You might be used to seeing them lounging around the fire pit or stressing about the prospect of a re-coupling, but rarely would you imagine the Love Island contestants at a Parliamentary hearing. However, that's exactly what happened this week when Marcel Sommerville & Yewande Biala gave evidence to MPs during an inquiry conducted into reality TV. The pair spoke about their experience on their show, and their accounts were pretty revealing as to what islanders face after summer is over and they leave the villa.
The Department of Digital, Culture, Media, and Sport select committee is currently conducting an inquiry into the experience of reality TV contestants before, during, and after being on television. This inquiry comes after the tragic deaths of Mike Thalassitis and Sophie Gradon, who both took part in Love Island, and Stephen Dymond, who appeared on The Jeremy Kyle Show.
Speaking about his experience, Sommerville revealed that the worst part of the show is going back to “normal” life, dealing with public scrutiny, and having your personal life splashed across social media. He said, “You are in the spotlight. No matter what you do, anything that happens there is going to be a story about it. Public break-ups, everything that happens. You are like, 'this is the worst period of my life.' That was the worst period of doing Love Island.”
Biala and Sommerville joined the select committee, which is chaired by Conservative MP Damian Collins, to explore the support that’s in place for the islanders.
After the death of former Love Island contestant Mike Thalassitis in March 2019, ITV said they were committed to reviewing how they could support contestants throughout the entire process. In a statement sent to Bustle UK back in March 2019, ITV confirmed that they "work with both an independent GP and a psychological consultant" to assess anyone shortlisted for the show, and that the "care continues whilst the Islanders are in the villa" with a medical team (including a psychological consultant) on location during filming.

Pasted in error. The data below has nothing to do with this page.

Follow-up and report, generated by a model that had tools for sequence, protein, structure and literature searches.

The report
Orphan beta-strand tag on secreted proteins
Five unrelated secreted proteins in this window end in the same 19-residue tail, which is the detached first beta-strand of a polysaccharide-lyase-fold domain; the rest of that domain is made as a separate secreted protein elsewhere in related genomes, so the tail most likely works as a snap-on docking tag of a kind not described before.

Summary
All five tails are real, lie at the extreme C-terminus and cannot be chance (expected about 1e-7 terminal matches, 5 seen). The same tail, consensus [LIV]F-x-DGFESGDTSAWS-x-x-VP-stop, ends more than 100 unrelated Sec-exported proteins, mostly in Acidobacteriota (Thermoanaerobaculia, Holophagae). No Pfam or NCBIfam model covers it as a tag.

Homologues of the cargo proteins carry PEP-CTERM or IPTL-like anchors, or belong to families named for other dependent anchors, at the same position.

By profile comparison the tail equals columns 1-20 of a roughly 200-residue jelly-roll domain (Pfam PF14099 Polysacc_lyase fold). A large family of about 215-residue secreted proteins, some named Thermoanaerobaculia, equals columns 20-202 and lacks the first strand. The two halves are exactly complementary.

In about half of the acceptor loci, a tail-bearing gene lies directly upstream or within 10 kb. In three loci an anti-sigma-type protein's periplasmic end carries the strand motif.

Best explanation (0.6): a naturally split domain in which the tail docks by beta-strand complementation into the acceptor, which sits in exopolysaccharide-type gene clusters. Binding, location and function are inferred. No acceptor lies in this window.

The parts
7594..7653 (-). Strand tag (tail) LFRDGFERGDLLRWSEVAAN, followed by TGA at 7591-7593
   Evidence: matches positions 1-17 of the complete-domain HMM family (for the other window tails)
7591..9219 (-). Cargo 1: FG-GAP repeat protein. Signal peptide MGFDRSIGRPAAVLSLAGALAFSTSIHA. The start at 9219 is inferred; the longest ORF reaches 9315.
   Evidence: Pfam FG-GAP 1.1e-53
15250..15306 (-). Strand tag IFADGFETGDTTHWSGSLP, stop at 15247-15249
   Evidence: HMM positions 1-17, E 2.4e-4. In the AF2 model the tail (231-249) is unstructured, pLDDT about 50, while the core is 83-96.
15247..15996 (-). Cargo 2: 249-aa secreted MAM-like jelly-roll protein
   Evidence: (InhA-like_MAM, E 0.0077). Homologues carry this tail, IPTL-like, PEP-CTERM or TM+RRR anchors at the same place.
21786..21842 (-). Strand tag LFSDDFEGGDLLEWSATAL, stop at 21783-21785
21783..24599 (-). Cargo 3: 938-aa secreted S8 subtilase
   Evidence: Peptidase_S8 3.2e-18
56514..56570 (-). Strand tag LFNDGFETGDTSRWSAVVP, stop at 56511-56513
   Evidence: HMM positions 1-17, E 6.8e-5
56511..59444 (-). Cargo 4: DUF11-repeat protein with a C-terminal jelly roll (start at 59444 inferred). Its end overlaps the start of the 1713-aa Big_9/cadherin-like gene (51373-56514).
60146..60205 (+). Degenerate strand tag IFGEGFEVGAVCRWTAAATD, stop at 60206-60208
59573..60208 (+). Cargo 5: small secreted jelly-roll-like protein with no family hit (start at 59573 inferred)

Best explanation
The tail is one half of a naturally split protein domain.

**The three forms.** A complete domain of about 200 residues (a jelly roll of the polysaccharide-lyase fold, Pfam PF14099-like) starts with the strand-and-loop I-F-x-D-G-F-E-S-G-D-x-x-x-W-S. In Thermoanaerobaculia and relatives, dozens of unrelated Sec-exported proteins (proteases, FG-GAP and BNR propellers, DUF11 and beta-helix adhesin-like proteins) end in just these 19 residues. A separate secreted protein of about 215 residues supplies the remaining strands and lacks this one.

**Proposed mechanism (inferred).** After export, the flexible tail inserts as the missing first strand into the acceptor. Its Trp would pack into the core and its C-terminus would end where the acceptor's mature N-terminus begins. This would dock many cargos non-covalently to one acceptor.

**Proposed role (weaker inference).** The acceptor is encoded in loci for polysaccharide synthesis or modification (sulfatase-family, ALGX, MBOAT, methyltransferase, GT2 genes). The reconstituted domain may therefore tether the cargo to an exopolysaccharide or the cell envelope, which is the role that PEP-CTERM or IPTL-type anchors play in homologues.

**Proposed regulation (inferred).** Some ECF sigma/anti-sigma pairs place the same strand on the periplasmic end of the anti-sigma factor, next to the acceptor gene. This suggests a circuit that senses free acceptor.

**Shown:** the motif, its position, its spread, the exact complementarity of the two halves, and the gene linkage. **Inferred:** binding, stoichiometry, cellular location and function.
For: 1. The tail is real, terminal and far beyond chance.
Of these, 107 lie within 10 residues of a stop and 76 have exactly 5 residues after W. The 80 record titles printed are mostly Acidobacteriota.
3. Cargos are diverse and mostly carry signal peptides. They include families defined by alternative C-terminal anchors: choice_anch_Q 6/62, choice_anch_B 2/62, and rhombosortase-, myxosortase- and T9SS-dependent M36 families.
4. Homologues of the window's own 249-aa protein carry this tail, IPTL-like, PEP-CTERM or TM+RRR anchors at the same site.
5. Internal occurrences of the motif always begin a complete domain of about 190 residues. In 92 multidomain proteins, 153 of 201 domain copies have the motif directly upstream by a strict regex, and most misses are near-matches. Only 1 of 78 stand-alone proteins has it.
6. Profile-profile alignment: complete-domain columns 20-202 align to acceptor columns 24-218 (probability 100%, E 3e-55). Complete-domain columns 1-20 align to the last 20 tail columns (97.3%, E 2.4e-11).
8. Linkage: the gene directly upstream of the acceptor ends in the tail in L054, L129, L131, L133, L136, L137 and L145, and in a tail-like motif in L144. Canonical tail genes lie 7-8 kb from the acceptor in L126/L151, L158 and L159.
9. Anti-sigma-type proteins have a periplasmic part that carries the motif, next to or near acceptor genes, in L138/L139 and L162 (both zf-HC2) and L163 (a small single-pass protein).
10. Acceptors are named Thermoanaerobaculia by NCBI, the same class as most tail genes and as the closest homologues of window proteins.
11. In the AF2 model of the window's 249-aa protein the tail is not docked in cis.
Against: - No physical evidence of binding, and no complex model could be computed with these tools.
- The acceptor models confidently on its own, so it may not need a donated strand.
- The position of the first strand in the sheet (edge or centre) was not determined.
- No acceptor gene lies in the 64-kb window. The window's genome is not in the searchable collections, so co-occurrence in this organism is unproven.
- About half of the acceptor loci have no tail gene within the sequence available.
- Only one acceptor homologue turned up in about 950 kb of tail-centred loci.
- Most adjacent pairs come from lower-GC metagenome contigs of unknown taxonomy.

After the show, "every Islander has a series of debrief meetings on location with the executive team and the medical team, including the psychological consultant," the statement read. "After this, they are told how to access after care support as well as information on seeking professional representation. They also meet with the press team the day after leaving the villa and are briefed and advised on their press coverage whilst in the villa." They are also given financial and social media training, according to the statement.
Speaking to the committee, Sommerville — who took part in the show before changes were made this year to ITV's duty of care process — said, “You are kind of left to your own devices. It wasn't like a big thing of them contacting you. It wasn't much of a 'how are things going now.'”
Sommerville also discussed the racial abuse he received via social media after leaving the villa. "There are a lot of trolls," he said. "I didn’t get told how to tweet … there were people with no followers sending racist stuff, I eventually worked out how to block certain words but I did that off my own back." He continued: "I was the first fully black contestant to appear on the show, as the years have gone on you can see they’ve tried to add more diversity ... they’ve definitely made a conscience effort to address that."
The committee are also evaluating the issue of body diversity on shows such as Love Island. Biala expressed that more body diversity would be beneficial, stating "It would be nice if people of different body shapes applied to the show. That would make a massive difference in terms of casting." However, she also said she didn't feel a huge amount of pressure to look good, but it was something that came naturally anyway. “If you knew you were going to be in a bikini for eight weeks, you would want to look your best.”
In their meeting with Dwayne Davison and Robert Gregory, two former Jeremy Kyle guests, the select committee heard that the show had "ruined" Davison's life, while Gregory said "They crucified me. They absolutely ripped me apart." He also stated: "There is no aftercare, it doesn't exist." Davison expressed that appearing on the show affected his mental health, including experiencing suicidal thoughts.
According to the BBC, after the hearing, an ITV statement was issued saying: "As a producer and broadcaster ITV takes its responsibilities around duty of care to participants very seriously. Supporting the physical and mental health of everyone involved in our programmes is our highest priority.
The statement went on: "We were truly sorry to hear that Dwayne was experiencing mental health problems and suicidal thoughts and have apologised to him that we did not remove the clips from our official ITV YouTube channel. We have offered to pay for counselling, as he has requested."
The support that reality stars receive after they find stardom is definitely a hot topic right now, and let's hope the findings of this inquiry will bring about positive change where it’s needed.